Five-Step Process for Evaluating Any Security Measure

(This 5-step process by Bruce Schneier can be found in Schneier’s book Beyond Fear, and also in Schneier’s Crypto-Gram Newsletter where I obtained the text below.)

Bruce Schneier writes:

What follows is my foolproof, five-step, security analysis. Use it to judge any security measure.

Step one: What problem does the security measure solve? You’d think this would be an easy one, but so many security initiatives are presented without any clear statement of the problem. National ID cards are a purported solution without any clear problem. Increased net surveillance has been presented as a vital security requirement, but without any explanation as to why. (I see the problem not as one of not having enough information, but of not being able to analyze and interpret the information already available.)

Step two: How well does the security measure solve the problem? Too often analyses jump from the problem statement to a theoretical solution, without any analysis as to how well current technology actually solves the problem. The companies that are pushing automatic face recognition software for airports and other public places spend all their time talking about the promises of a perfect system, while skipping the fact that existing systems work so poorly as to be useless. Enforcing a no-fly zone around a nuclear reactor only makes sense if you assume a hijacker will honor the zone, or if it is large enough to allow reaction to a hijacker who doesn’t.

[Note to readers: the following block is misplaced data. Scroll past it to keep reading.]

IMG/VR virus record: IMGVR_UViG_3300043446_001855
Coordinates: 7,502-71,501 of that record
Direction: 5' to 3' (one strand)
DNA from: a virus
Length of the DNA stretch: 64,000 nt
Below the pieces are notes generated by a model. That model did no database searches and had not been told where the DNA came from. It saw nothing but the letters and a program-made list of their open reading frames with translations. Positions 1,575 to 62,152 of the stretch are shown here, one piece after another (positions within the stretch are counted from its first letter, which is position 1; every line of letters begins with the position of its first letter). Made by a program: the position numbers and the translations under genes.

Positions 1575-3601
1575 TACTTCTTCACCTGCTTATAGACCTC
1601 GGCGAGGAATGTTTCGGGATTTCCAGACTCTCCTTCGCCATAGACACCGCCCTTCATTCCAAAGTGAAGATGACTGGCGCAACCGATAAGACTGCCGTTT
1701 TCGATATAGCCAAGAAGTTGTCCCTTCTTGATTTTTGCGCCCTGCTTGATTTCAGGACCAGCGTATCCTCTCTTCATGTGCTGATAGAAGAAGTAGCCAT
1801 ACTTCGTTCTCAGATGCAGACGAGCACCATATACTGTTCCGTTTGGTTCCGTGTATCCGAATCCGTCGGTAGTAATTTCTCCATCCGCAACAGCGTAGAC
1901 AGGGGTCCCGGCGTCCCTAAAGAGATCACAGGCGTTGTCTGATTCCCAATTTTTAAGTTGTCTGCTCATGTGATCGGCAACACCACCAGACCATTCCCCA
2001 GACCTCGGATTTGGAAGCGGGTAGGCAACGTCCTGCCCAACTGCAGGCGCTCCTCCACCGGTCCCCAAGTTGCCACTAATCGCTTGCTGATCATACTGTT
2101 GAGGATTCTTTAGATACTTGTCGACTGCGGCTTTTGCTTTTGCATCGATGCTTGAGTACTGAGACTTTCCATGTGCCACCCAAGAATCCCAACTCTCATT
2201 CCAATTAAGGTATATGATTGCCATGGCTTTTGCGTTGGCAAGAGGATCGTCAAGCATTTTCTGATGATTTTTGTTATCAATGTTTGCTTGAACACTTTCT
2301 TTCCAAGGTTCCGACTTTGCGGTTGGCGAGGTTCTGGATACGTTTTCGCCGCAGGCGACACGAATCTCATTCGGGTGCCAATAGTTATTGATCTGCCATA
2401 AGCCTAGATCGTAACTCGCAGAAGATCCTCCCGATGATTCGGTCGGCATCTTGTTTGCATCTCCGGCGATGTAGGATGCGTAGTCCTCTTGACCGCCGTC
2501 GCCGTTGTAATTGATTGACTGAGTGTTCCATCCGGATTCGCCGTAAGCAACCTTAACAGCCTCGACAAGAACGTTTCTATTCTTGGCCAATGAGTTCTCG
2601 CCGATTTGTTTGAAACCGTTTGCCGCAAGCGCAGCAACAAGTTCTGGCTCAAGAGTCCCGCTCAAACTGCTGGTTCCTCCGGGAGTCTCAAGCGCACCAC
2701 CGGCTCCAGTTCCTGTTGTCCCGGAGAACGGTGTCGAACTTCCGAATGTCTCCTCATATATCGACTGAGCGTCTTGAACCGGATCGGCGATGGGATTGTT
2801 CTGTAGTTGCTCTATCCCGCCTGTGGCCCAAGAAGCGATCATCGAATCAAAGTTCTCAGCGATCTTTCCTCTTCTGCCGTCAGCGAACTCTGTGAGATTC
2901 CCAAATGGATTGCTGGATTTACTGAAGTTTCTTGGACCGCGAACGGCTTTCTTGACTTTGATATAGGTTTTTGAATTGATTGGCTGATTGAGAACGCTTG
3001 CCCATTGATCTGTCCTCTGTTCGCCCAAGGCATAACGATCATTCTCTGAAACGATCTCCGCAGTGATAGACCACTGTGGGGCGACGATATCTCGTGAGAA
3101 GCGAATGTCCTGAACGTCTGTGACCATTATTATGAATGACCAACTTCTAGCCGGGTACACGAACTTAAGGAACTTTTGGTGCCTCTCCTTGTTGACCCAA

Step three: What other security problems does the measure cause? Security is a complex and inter-related system; change one thing and the effects ripple. If the government bans strong cryptography, or mandates back-doors, the resultant weaker systems will be easier for the bad guys to attack. National ID cards require a centralized infrastructure that is vulnerable to abuse. In fact, the rise of identity theft can be linked to the increased use of electronic identity. Make identities harder to steal through increased security measures, and that will only make the fewer stolen identities more valuable and easier to use.

Step four: What are the costs of the security measure? Costs are not just financial, they’re social as well. We can improve security by banning commercial aircraft. We can make it harder for criminals to outrun police by mandating 40 mph speed maximums in automobiles. But these things cost society too much. A national ID card would be enormously expensive. The new rules allowing police to detain illegal aliens indefinitely without due process cost us dearly in liberty, as does much of the PATRIOT Act. We don’t allow torture (officially, at least). Why not? Sometimes a security measure, even though it may be effective, is not worth the costs.

Step five: Given the answers to steps two through four, is the security measure worth the costs? This is the easy step, but far too often no one bothers. It’s not enough for a security measure to be effective. We don’t have infinite resources. We don’t have infinite patience. As a society, we need to do the things that make the most sense, that are the most effective use of our security dollar.